More Staff Recommendations

bettyvilleBETTYVILLE
George Hodgman
When George Hodgman leaves Manhattan for his hometown of Paris, Missouri, he finds himself an unlikely caretaker (and lethal cook) to his 90 year-old mother, Betty, who has never really accepted the fact that her son is gay.  This laugh aloud, cry aloud story of growing up “different” in a small town in the Midwest in the sixties is a portrait of a bygone world – which the breakup of the family farm, the advent of Walmart and prevalence of meth destroyed.- and a snapshot of two generations who have struggled to understand each other.  It is also big-hearted, funny and heart-rending.  I want to adopt George Hodgman. –review by Denise Harnly

ARCADIA, by Lauren Groff
Set on a commune in New York State during the 1970s, Groff’s prose simultaneously romanticizes and illuminate the realities of rural community life, finding a balance between the hilarity and tragedy of living off the land in a mostly commercial and industrialized world. Wide in scope, full of heart and quirky humor, the rise and fall of the Arcadia House community is narrated by the ever lovable Bit, the first child of Arcadia, who stole my heart from the first page. If you like Brady Udall, Tom Perrotta or loved, The Monsters of Templeton, read this original coming-of-age tale next!
review by Becky

THE ROUND HOUSE, by Louise Erdrich
Returning to the Ojibwe reservation (rez) in North Dakota for the first time since The Plague of Doves, Erdrich’s newest book is a luminous tale of familial love with a terrible accident at the heart. Part mystery, part Native American history and part coming of age tale, Erdrich’s story captures the complexity of human relationships, our frailty and resilience and the place where the two meet. This book brings up morality and mortality without preaching, and beautifully evokes the traditions of Native American culture.  I love this book and cannot recommend this highly enough.
review by Becky

RULES OF CIVILITY, by Amor Towles
Towles has written a good old-fashioned novel of manners with overtones of F. Scott Fitzgerald. It is set in New York City, 1938, with a bright, first-generation heroine who rises from secretary to a power in the publishing world. The Gatsbyesque hero, Tinker Grey, is an investment banker with “a smile on his face that could have lit every lamp on the North Pole.” One of the charms of the novel is the re-creation of the period, still mired in the depression, on the verge of a bloody war, with a class structure struggling to preserve its elegance and boundaries–and is just about to collapse.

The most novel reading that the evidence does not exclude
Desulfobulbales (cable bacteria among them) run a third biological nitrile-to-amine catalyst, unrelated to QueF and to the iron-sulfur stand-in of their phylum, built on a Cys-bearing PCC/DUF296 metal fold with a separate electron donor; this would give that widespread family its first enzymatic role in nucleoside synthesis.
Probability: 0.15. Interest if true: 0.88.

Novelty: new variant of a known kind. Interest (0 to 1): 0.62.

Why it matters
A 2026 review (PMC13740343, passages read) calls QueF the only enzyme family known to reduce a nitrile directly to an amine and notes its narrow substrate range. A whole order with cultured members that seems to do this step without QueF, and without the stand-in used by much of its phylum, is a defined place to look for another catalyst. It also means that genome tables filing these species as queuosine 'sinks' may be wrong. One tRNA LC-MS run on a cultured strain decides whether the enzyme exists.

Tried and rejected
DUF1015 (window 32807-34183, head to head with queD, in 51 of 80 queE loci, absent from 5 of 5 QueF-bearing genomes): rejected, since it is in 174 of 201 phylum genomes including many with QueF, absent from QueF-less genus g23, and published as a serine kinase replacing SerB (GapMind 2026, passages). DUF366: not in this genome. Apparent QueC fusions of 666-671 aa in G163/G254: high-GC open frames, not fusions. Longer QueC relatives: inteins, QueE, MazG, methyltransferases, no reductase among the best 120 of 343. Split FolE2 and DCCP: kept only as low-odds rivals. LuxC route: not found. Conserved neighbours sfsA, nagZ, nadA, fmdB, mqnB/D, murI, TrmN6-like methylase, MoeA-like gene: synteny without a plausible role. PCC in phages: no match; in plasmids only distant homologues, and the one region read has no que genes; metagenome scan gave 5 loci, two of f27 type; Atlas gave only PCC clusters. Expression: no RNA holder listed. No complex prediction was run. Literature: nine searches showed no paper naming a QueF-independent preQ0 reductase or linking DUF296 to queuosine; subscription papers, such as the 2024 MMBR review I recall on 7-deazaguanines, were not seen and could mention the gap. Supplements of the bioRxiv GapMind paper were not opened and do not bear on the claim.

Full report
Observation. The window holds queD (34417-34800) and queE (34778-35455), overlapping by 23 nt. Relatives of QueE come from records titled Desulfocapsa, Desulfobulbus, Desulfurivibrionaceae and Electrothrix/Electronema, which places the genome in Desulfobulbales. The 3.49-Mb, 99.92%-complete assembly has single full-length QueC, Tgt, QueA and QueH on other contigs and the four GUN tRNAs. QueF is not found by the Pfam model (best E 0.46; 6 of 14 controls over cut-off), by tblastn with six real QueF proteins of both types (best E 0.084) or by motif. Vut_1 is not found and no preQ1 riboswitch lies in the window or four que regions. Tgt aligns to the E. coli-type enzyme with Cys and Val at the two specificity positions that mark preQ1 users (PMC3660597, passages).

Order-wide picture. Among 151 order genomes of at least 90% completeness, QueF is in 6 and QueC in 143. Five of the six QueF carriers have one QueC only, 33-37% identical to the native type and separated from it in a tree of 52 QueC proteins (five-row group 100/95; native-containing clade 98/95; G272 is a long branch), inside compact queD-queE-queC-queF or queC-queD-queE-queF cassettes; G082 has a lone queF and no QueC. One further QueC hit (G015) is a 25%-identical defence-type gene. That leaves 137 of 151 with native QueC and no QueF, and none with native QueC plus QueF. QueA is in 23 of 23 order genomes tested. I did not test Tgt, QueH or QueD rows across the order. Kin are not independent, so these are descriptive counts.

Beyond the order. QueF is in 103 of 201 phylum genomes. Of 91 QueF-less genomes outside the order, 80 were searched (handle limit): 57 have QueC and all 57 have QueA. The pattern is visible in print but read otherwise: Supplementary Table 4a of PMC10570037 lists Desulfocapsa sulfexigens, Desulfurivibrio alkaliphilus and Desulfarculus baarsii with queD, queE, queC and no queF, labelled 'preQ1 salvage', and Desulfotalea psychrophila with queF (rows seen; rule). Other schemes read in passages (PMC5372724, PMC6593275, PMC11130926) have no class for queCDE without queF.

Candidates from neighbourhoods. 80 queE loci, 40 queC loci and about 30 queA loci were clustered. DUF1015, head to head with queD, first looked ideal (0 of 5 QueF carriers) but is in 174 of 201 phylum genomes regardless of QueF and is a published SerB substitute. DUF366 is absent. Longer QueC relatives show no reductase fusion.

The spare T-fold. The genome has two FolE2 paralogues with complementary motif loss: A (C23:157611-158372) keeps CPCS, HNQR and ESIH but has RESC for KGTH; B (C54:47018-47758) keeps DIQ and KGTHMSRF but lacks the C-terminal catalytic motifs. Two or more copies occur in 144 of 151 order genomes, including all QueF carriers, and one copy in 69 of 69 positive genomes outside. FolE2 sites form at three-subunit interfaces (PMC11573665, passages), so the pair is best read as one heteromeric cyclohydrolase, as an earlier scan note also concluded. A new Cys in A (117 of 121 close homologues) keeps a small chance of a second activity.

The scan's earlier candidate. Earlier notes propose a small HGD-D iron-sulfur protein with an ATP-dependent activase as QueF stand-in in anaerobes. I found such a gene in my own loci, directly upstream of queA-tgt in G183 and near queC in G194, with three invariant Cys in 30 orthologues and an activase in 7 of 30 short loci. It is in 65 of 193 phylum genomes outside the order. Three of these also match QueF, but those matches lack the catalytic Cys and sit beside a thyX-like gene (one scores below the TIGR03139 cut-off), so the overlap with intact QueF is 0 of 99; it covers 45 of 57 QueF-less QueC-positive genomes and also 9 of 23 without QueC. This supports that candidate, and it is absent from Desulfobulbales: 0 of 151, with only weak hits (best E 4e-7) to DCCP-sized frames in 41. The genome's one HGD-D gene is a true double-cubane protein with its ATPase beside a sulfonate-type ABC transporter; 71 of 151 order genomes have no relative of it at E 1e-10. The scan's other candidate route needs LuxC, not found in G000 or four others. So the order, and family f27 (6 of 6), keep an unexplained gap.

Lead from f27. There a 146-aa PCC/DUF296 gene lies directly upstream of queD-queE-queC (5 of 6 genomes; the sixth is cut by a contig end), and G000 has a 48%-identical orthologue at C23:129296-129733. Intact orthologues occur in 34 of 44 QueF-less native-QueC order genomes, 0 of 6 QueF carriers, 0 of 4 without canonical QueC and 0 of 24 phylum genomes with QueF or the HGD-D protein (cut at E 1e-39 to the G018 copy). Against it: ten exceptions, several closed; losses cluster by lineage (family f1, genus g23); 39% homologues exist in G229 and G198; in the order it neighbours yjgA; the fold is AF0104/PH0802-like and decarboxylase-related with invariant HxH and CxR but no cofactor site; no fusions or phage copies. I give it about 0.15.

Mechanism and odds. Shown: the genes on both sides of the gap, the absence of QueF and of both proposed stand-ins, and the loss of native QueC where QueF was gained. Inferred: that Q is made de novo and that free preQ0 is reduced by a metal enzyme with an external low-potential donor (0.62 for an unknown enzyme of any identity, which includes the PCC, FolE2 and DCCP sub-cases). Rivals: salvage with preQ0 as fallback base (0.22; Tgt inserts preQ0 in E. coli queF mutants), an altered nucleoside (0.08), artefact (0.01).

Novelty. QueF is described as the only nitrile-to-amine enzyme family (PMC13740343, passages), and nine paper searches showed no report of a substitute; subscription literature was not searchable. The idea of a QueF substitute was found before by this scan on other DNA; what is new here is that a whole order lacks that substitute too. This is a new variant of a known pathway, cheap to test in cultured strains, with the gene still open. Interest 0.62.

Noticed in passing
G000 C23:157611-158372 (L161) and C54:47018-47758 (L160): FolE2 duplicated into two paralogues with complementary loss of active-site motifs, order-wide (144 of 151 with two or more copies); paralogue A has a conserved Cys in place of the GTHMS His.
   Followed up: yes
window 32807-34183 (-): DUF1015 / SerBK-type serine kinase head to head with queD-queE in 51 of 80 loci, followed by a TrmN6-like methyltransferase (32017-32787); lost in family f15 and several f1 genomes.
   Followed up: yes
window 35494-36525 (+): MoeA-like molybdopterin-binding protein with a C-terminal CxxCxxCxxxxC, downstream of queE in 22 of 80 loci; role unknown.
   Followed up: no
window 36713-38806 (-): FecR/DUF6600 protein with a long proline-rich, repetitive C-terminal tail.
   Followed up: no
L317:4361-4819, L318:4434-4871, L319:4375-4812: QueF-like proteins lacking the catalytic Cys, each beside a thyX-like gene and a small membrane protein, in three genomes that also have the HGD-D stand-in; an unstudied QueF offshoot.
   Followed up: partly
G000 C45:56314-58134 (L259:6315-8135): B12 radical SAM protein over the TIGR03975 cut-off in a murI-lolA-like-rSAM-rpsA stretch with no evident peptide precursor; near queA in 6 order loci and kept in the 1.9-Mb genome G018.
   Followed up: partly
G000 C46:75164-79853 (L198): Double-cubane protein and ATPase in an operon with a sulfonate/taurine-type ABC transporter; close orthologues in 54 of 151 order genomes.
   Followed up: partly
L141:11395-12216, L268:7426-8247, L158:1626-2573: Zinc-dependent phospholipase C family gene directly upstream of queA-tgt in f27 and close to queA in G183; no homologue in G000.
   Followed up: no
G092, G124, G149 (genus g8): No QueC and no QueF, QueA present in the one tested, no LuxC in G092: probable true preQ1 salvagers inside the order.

review by Sheila

TURN OF MIND, by Alice LaPlante
Turn of Mind is the best literary thriller since Presumed Innocent. The narrator is a hand surgeon who has dementia, though she experiences lucid moments. She is also the prime suspect in the murder of her best friend, who was found with her fingers surgically removed. She doesn’t know whether she did it or not. This is a page-turning thriller and a moving and fascinating glimpse into the deteriorating mind of a tightly controlled, intelligent woman who is slowly succumbing to her disease. Alzheimer’s works brilliantly as a literary device, revealing family secrets, tragedies and an ending you won’t expect. It will be one of the most read and talked-about books of 2011.
review by Sheila

WHY BE HAPPY WHEN YOU COULD BE NORMAL?  by Jeanette Winterson
A soul-searching and vivid memoir by one of the more intriguing contemporary British Writers of our time. Adopted into a family in a north England industrial town, Winterson confronts the ravages of an extreme religious upbringing and her own burgeoning homosexuality within that context. Winterson explores her adopted mother’s erratic, brutal and manic behavior with searing honesty. She courageously attempts to understand herself and her childhood beyond the pain, stigma and her evident genius. With Winterson, one feels you are with her on a quest and that you are part of the incandescence of a brilliant mind struggling to illuminate even the darkest recesses. -review by Rebecca